Between Heaven and Here by Susan Straight, Hardcover
Proceeds from sale of this book have been donated to 826NYC who offer highly individualized creative writing instruction for over 4,000 young New Yorkers every year. Free programs throughout NYC empower young authors and develop crucial skills they need to thrive in the classroom and beyond.
In August in Rio Seco, California, the ground is too hard to bury a body. But Glorette Picard is dead, and across the canal, out in the orange groves, they’ll gather shovels and pickaxes and soak the dirt until they can lay her coffin down. First, someone needs to find her son Victor, who memorizes SAT words to avoid the guys selling rock, and someone needs to tell her uncle Enrique, who will be the one to hunt down her killer, and someone needs to brush out her perfect crown of hair and paint her cracked toenails. As the residents of this dry-creek town prepare to bury their own, it becomes clear that Glorette’s life and death are deeply entangled with the dark history of the city and the untouchable beauty that, finally, killed her.
Check out a preview of the book & real-life stories and images that inspired the novel!
Praise for Between Heaven and Here:
“It is only the rarest of novels that cry for a sequel, the most unusual of stories that at once satisfies and leaves the reader aching for more. Susan Straight’s remarkable Take One Candle Light A Room is such a novel. And she has satisfied our desires in Between Heaven and Here, a magnificent novel, that manages to be at once unflinchingly real and transcendently beautiful. Susan Straight is one of the very best American writers. If you haven’t read her, you’re in for a delight and an awakening. If you have, then you’re probably as thrilled as I am that she has taken us back to Rio Seco.”
“Susan Straight finds LA’s secret heart in Between Heaven and Here and with a sleight of hand only the masters have, she creates an alley, a neighborhood, a history that is as rich and tragic as any Shakespearean tale.”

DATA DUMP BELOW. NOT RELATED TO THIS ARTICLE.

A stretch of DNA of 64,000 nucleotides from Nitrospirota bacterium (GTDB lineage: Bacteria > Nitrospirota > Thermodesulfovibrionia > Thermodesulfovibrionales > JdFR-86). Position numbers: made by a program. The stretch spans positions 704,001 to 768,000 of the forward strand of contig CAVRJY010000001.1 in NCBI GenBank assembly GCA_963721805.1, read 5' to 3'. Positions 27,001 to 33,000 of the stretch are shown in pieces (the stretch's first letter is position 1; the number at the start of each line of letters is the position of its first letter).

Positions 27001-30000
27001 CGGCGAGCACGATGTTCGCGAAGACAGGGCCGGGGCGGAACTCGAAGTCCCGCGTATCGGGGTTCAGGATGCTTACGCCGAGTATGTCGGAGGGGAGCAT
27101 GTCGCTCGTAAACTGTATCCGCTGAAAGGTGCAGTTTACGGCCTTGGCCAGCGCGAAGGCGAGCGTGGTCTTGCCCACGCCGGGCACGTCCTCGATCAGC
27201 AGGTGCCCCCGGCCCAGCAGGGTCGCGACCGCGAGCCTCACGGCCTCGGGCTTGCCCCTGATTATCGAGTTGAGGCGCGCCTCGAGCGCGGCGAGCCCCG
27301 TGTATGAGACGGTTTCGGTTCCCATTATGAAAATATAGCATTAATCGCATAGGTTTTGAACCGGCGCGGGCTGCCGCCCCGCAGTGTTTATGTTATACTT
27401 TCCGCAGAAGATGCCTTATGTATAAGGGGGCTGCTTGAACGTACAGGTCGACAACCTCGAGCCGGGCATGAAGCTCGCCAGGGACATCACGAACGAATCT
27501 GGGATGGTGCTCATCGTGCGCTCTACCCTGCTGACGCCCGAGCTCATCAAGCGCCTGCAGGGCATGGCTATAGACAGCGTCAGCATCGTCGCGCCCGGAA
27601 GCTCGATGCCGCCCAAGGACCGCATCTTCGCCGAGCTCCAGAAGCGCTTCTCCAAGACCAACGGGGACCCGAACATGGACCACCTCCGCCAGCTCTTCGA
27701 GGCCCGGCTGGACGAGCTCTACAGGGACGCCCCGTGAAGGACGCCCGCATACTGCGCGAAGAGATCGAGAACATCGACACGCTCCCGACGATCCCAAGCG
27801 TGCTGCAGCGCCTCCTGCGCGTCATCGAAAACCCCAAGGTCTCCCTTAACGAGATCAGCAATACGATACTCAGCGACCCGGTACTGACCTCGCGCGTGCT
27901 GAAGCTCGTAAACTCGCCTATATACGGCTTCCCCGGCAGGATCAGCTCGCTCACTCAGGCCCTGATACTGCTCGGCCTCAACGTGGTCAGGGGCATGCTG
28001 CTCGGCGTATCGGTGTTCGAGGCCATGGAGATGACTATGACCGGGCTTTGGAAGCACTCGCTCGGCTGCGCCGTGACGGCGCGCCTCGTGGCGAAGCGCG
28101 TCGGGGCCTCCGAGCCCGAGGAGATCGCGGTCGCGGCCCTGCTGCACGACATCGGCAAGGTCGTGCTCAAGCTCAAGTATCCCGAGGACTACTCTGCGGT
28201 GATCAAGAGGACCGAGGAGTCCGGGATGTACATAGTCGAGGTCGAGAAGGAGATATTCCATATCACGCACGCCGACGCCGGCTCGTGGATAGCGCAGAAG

“Straight employs glorious language and a riveting eye for detail to create a fully realized, totally believable world.”
—Kirkus (Starred Review)
“The mysterious murder of a hooker kicks off this exquisitely wrought final installment (after Take One Candle Light a Room) of Straight’s trilogy, set in fictional Rio Seco, California. When Glorette Picard’s longtime admirer, Sidney, discovers her body in a shopping cart in an alley behind a taquería, he fears the wrath or indifference of the police, and so claims her corpse as his responsibility, setting of a storm of consequences. Left behind to weather the world on his own is Glorette’s young son, Victor, who memorizes SAT vocabulary words to drown out the crack dealers, and her uncle Enrique, who takes it upon himself to avenge her death. Straight plunges readers into a whirlwind of dialects, drugs, derelict homes, and delinquent locals as she weaves together the story of Glorette’s life and death, while addressing weighty and timely issues like race, language, and the socioeconomically disenfranchised. Straight deftly avoids clichés and easy outs, and her refusal to vilify or sanctify the numerous members of her cast allows the experiences of each to resonate powerfully.”
—Publishers Weekly (Starred Review)
“And yet, in a novel set in a world in which people are too often stripped of dignity, Straight has accomplished the larger act of ennobling her characters. She sees them clearly and gives them a striking presence on the page.”
—New York Times
“Straight, a 2001 National Book Award finalist for Highwire Moon, has the ability to create straightforward contemporary voices, no pun intended. She does not subscribe to the maximalist school of over-the-top characters, yet she can still dramatize the complex, jagged nature of American culture today. ”
—The Daily Beast
“Despite the tragedies that befall them, Straight’s characters still recognize the splendor of the natural world, from the pepper trees behind the taqueria to the orange blossoms in the alley scenting the midnight air… Straight’s group portrait of this community ought to be recognized as a national artistic treasure. Her focus on this singular place magnifies the hopes and disappointments of so many Americans, so many humans on earth.”
—The Boston Globe
“Susan Straight has remarkable range as a writer. Her voice can be elegant in the rhythms and vocabulary of her narrative, yet also blunt and raw in dialogue… Her work is so intensely alive in its movement, action, and in the speech of her characters that reading it is almost like being caught in the center of a storm: exhausting but exhilarating at the same time.”
“How can a novel that is essentially the story of a dead prostitute prove so uplifting? It must be some kind of black magic that only Susan Straight can work… And by the end of this gorgeous and heart-wrenching novel, this family will be your people, too.”
—The Dallas Morning Star News
“A thoroughly engrossing novel, one that operates powerfully in the empty, lonely gaps between people.”
“Straight’s writing pulls the reader into a world that is both surreal and yet inescapably concrete, ugly and beautiful all at once. She binds the multifaceted perspectives together into a narrative that is fragmented but still very much whole.”